Owen is a lovable con man who helps pals out of jams, plots against slimy villains, and romances lovely ladies in this fine 1990-’91 series.
[In his weekly column, Alan Waldman reviews some of his favorite films and TV series that readers may have missed, including TV dramas, mysteries, and comedies from Canada, England, Ireland, and Scotland. Most are available on DVD and/or Netflix, and some episodes are on YouTube.]
Chancer is a British television drama that offers us theft, gambling, plots and counter-plots, revenge, betrayal, imprisonment, insider trading, embezzlement, paternity questions, suspected arson, and seduction — all the things American audiences crave.
In 20 episodes, split into two series, all on Netflix, Chancer tells the adventures of likable con man and rogue Stephen Crane (Clive Owen) at the end of the yuppie eighties. When his under-the-table dealings get him fired from a London bank, Crane finds work managing the turnaround of a troubled automobile manufacturer. But no matter how desperately he tries to keep his checkered past hidden, it continues to hunt him down.
Waldman’s film and TV treasures you may have missed
Crane, a smooth-talking, seriously shady financial wiz, is hounded by ex-employer James Blake (Leslie Phillips) and vicious rival Tom Franklyn (Peter Vaughan), but he manages to keep his many schemes afloat until his explosive secrets are revealed.
In Season 2, after spending six months in prison for insider trading, Stephen reverts to his real name, Derek Love, and searches for his ex-girlfriend Jo, intent on winning her back. Meanwhile, he teams up with former rival Piers to start a casino. In this final season, Derek cheats more people out of money, starts a new romance, competes with new rivals, and finds out surprising secrets from his past.
I had difficulty finding a full episode on You Tube, but here is a scene.
The cast of Chancer is truly outstanding. Clive Owen was Oscar-nominated for Closer and had 16 other wins and 17 more noms for works including Hemingway & Gellhorn, Children of Men, Gosford Park, and Inside Man. His 64 film credits include the outstanding film Croupier, which I previously reviewed on The Rag Blog.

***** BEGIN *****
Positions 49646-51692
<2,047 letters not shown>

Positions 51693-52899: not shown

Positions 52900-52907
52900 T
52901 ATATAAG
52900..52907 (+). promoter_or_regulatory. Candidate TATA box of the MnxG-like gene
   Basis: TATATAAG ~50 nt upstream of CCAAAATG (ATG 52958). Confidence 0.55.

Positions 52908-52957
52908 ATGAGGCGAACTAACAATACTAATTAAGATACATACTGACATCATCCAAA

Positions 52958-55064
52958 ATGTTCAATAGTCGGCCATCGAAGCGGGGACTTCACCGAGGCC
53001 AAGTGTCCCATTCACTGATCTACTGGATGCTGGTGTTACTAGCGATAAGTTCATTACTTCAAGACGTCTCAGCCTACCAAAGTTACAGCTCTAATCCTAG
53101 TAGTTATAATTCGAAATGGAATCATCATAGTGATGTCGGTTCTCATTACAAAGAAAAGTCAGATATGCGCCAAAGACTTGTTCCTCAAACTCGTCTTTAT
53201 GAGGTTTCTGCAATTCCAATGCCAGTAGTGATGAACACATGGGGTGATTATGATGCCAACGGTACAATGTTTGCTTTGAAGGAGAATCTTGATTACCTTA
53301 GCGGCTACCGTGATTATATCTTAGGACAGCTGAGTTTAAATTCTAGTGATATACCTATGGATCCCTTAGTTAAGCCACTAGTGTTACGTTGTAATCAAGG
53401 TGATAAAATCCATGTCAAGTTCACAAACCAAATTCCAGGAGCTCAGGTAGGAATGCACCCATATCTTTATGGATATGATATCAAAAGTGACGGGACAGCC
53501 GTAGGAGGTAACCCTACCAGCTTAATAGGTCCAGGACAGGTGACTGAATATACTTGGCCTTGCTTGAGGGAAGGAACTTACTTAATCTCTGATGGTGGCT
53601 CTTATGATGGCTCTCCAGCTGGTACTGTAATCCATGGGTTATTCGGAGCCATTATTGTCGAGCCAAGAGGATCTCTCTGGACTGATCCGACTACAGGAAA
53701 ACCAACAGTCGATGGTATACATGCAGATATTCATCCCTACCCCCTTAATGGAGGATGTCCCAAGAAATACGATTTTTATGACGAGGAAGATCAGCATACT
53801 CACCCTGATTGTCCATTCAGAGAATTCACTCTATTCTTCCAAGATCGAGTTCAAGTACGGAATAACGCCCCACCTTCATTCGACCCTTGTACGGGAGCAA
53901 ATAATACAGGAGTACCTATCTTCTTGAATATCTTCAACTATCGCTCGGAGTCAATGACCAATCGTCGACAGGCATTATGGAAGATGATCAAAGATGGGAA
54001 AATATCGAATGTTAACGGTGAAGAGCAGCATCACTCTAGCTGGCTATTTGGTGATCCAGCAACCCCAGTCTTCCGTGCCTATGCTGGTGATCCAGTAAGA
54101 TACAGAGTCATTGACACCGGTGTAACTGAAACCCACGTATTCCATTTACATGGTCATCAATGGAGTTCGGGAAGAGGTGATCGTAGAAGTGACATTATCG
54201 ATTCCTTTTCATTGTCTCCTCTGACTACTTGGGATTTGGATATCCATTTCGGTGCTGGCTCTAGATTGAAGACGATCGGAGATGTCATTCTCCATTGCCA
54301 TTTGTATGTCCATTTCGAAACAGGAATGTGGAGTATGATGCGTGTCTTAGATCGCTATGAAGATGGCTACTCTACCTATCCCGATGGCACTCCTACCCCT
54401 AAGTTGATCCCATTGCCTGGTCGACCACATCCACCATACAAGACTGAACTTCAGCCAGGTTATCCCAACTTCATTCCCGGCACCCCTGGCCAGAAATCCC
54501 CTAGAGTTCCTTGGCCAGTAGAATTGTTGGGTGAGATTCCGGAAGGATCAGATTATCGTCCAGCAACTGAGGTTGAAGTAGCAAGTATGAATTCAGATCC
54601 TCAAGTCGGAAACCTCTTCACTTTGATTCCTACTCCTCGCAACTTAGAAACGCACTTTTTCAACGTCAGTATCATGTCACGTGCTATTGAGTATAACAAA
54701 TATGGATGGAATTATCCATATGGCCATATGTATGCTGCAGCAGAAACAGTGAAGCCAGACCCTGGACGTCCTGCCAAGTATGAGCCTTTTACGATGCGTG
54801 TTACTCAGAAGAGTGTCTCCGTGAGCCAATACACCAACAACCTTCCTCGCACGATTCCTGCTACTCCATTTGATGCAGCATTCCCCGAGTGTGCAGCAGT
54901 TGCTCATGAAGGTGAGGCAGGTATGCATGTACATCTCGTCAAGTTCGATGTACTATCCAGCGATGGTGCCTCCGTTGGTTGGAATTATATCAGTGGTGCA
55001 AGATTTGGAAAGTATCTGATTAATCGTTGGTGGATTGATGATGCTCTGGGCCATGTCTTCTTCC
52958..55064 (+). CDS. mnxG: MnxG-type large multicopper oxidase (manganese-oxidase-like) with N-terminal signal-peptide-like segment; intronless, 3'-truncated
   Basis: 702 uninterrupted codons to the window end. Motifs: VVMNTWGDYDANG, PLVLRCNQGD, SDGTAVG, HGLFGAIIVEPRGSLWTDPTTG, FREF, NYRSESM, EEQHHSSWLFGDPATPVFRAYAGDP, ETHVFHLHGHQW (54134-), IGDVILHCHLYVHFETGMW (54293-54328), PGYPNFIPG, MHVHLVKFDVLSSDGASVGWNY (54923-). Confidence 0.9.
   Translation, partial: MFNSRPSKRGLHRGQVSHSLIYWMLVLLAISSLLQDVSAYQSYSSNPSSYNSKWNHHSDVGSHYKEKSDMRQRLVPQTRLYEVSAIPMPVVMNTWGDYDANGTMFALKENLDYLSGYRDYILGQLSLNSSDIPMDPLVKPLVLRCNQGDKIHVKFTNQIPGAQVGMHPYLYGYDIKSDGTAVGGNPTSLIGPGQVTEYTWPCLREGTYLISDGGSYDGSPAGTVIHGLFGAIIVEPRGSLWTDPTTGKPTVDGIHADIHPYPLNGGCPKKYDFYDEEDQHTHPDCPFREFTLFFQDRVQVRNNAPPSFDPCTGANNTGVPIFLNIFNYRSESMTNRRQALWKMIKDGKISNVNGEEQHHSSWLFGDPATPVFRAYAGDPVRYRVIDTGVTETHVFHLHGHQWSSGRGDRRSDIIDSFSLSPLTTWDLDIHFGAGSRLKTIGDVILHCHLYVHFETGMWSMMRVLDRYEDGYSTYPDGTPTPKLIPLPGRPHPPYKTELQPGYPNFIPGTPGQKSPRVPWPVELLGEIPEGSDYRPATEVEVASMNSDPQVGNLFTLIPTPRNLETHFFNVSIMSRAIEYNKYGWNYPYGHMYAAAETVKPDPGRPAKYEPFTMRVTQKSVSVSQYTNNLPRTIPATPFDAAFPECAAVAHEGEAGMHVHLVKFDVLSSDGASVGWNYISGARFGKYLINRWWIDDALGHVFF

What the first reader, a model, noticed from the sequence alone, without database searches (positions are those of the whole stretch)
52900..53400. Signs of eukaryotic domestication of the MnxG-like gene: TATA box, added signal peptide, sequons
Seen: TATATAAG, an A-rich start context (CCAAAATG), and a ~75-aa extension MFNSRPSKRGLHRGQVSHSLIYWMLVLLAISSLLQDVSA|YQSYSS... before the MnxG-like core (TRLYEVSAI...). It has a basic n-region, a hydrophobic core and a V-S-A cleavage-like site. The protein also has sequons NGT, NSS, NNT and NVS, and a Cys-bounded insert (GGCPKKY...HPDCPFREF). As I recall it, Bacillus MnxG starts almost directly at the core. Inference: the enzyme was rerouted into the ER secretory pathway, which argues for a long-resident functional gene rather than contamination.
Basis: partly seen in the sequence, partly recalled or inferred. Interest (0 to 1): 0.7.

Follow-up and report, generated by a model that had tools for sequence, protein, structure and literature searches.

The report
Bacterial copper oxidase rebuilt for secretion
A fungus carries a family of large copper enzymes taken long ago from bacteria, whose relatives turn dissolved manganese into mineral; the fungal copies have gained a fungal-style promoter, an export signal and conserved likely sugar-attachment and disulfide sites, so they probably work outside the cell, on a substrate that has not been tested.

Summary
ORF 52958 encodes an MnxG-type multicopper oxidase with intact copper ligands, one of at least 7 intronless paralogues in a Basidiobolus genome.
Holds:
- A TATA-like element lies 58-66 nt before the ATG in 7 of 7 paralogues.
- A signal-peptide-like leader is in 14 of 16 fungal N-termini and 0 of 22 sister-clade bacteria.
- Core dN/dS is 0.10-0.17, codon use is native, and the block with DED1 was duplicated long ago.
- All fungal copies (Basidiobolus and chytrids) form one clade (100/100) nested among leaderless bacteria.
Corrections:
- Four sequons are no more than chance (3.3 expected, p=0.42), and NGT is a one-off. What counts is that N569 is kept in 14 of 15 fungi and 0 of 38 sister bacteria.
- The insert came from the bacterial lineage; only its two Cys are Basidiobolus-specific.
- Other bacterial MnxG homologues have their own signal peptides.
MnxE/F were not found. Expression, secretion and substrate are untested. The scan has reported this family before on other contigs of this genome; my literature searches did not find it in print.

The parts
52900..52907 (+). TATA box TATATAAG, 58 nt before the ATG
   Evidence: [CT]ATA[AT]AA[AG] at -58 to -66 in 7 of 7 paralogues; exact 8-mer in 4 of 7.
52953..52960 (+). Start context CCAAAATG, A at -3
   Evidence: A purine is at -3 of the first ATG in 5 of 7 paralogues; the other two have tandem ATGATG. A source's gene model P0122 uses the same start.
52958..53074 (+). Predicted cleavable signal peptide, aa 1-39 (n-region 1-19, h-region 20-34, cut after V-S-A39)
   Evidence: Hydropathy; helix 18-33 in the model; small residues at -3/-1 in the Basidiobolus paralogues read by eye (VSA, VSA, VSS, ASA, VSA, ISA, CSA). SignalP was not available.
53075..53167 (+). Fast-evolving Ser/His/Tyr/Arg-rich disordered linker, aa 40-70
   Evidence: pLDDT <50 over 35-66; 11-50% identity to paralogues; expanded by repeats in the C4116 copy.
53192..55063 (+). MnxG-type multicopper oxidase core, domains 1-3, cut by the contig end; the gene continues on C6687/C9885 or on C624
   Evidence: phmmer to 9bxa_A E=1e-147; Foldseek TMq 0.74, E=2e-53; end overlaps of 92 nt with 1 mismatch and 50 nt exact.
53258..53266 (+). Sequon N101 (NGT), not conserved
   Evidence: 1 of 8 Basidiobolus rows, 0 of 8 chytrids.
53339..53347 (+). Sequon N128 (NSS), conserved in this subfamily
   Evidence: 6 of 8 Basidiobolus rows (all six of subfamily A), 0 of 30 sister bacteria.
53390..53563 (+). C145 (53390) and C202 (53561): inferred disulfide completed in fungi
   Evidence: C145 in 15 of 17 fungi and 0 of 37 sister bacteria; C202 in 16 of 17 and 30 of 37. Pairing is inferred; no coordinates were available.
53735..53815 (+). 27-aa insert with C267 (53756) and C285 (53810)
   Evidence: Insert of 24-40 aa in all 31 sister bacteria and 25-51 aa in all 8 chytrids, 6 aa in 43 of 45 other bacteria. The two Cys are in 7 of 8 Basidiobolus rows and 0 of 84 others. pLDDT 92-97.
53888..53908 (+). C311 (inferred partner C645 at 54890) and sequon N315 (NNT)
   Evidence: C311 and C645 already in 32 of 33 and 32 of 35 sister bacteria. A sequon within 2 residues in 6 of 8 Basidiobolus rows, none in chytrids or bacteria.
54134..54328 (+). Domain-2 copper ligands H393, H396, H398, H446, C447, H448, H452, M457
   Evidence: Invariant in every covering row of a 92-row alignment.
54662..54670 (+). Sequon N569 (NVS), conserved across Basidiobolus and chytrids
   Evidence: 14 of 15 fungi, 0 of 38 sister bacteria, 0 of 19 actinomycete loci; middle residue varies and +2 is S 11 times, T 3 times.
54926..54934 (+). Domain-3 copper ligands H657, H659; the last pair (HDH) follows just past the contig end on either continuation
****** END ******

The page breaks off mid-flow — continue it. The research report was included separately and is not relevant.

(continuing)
Owen’s oily nemesis is played by Leslie Phillips, who has 161 credits and three award wins and two noms for Venus. Clive’s rival, Peter Vaughn, one of my favorite Brit character actors, has an astonishing 217 credits; he earned two nominations for Our Friends in the North.
The rest of the cast contains a who’s who of Brit thespians I love. They include:
Susannah Harker (who earned a BAFTA Best Actress nom for the brilliant original British House of Cards), Simon Shepard (A Touch of Frost), Robert Glenister (Hustle), Stephen Tompkinson (Ballykissangel), Louise Lombard (The House of Eliott), Lynsey Baxter (Pie in the Sky), Derek Fowlds (Yes Minister/Prime Minister), Jonathan Coy (Rumpole of the Bailey), Michael Kitchen (Foyle’s War), Hugh Bonneville (Downton Abbey) David Haig, (The Thin Blue Line) and Eleanor Bron (Absolutely Fabulous).
This was a very engaging drama with lots of interesting twists, and it was very apparent to my then-wife and me that Clive Owen was going to be a major talent. Watching this early effort of his is a major pleasure, which I highly recommend.
[Oregon writer and Houston native Alan Waldman holds a B.A. in theater arts from Brandeis University and has worked as an editor at The Hollywood Reporter and Honolulu magazine. Read more of Alan Waldman’s articles on The Rag Blog.]